Invitations to attend the opening of the exhibit had been sent to Egyptologists, directors and curators of museums, presidents of universities, and many others. Almost all answered to accept or politely decline for one reason or another. But the directors, curators and Egyptologists of the Boston, Brooklyn, Cleveland and some othe Eastern United States museums were not heard from. Incompetence? Yes. Prejudice? yes. Obstruction? Yes. Now, lack of ethics!

Although it was boycotted by some Egyptologists, the exhibition at San Francisco State University was indeed a tremendous success. Most viewers showed positive enthusiasm and admiration - some visiting the Collection more than once.

Dr. Zaki Iskandar, former Chief Chemist of the Cairo Museum Laboratory and former Director General of the Antiquities Department of Egypt, and one of the first scientists to test the sculptures (his report was dated 1950), flew from Cairo to San Francisco, at the invitation of the Department of Classical archaeology, to attend the opening of the Exhibit and to lecture on the Collection and on the application of scientific methods to authenticate ancient works of art. At San Francisco State University and at Stanford University, where he had been invited as a guest lecturer, he told of the many relevant tests used by himself and other scientists to determine the genuine antiquity of the entire Collection.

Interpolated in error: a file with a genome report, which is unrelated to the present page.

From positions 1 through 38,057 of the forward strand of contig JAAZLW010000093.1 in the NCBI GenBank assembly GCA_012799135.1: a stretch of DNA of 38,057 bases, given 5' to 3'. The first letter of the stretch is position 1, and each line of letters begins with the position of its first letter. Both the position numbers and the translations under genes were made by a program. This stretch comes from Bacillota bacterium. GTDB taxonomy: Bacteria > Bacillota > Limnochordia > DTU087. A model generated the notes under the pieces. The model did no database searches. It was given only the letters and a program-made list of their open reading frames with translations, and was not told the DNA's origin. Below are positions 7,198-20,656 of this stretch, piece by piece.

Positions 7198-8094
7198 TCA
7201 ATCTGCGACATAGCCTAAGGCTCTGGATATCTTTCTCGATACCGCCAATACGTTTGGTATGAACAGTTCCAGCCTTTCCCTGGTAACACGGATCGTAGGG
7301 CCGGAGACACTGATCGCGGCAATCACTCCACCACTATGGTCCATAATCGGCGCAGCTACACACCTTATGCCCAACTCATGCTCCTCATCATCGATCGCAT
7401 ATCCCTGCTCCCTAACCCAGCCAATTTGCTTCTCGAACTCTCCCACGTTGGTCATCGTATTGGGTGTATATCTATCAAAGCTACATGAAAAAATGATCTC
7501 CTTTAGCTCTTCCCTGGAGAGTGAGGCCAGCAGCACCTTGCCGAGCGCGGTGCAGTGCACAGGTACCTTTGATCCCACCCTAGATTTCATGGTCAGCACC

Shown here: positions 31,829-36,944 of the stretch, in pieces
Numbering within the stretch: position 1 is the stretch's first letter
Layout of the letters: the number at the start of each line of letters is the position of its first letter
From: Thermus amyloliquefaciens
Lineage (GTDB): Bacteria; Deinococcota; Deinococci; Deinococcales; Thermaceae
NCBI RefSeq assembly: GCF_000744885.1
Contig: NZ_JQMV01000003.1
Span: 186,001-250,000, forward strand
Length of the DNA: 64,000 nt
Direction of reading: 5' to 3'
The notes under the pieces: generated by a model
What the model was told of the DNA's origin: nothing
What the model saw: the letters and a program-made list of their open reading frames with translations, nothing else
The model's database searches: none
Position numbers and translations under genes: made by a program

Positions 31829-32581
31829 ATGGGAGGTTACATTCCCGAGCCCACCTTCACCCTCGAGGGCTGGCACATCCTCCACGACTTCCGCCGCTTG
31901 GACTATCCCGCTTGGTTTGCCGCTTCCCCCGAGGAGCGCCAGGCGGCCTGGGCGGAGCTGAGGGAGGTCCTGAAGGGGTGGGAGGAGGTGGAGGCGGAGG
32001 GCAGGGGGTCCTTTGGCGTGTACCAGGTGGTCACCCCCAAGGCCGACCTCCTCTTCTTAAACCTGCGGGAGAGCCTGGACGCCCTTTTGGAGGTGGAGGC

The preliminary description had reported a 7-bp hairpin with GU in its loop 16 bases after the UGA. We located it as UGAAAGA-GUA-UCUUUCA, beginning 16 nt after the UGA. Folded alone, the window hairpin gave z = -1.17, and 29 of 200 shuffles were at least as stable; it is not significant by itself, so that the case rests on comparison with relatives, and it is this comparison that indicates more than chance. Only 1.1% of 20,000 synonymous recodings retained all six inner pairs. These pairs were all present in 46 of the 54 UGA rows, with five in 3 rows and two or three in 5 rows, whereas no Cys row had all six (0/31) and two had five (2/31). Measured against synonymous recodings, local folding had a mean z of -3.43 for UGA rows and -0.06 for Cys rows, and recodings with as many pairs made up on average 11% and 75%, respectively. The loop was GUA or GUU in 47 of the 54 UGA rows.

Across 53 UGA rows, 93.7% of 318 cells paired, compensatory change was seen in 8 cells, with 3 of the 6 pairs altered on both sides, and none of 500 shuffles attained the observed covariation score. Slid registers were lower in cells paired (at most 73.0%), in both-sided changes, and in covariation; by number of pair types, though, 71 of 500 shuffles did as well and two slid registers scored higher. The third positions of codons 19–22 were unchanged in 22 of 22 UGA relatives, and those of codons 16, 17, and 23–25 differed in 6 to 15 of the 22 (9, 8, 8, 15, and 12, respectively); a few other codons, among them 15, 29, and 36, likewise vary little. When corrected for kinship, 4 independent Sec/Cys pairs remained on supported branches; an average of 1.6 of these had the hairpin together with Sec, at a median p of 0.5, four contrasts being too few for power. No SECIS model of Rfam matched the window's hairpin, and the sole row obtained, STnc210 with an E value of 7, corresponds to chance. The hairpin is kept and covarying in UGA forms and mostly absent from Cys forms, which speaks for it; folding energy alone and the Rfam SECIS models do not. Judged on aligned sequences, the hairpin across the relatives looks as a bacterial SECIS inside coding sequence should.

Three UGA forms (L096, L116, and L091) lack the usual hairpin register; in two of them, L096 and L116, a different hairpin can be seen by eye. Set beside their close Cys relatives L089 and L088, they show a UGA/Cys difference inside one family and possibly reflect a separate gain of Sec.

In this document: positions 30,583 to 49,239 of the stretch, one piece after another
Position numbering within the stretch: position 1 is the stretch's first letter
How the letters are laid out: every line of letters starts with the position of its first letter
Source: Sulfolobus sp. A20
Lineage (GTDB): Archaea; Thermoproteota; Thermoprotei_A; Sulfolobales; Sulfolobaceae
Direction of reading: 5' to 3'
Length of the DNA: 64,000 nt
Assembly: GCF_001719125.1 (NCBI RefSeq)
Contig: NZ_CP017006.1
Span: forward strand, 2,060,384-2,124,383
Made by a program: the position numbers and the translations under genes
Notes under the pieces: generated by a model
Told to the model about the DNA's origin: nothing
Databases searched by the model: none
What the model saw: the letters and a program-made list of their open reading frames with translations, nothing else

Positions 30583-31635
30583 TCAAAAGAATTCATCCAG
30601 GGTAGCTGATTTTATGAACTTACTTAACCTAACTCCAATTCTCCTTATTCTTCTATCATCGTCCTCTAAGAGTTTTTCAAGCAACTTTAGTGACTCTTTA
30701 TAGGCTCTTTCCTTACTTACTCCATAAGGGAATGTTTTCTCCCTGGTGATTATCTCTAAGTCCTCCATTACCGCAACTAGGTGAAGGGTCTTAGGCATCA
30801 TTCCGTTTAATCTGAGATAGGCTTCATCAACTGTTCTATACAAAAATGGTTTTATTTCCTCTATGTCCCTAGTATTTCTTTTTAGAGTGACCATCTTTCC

Several articles on the Collection and the Exhibit appeared in some of the greater San Francisco area newspapers. One of them by Dr. Alfred Frankenstein, the famed syndicated art critic, lauding the great artistic merit of the sculptures. There was also television coverage of the sculptures and radio interviews on the Exhibit by Drs. Colonna and Stross, both stressing their aesthetic and historic importance as well as the nature of the scientific tests used to authenticate them.

In the following four weeks, several meetings were attended by eminent officials of San Francisco State University and scientists in honor of Dr. Colonna and her work.

In Los Angeles, some members of the Mansoor family had the pleasure and honor of attending several meetings which included Dr. Iskandar, Dr. Willard Libby (developer of the carbon 14 test), and Dr. Rainer Berger, Professor of Anthropology, Geography, Geomotry, and Geophysics at UCLA.

These eminent scientists once more discussed the Collection and all scientific documents relating to it and suggested that some of the sculptures be submitted to yet more tests which had just recently been developed to determine the age of works of art. (These and the resulting reports will be presented in a following chapter.) It is interesting and baffling to note that Egyptologists such as Cooney, Bothmer, and Muller never mentioned scientific research on Egyptian works of art. Why? Why are they so terrified by these scientific analyses?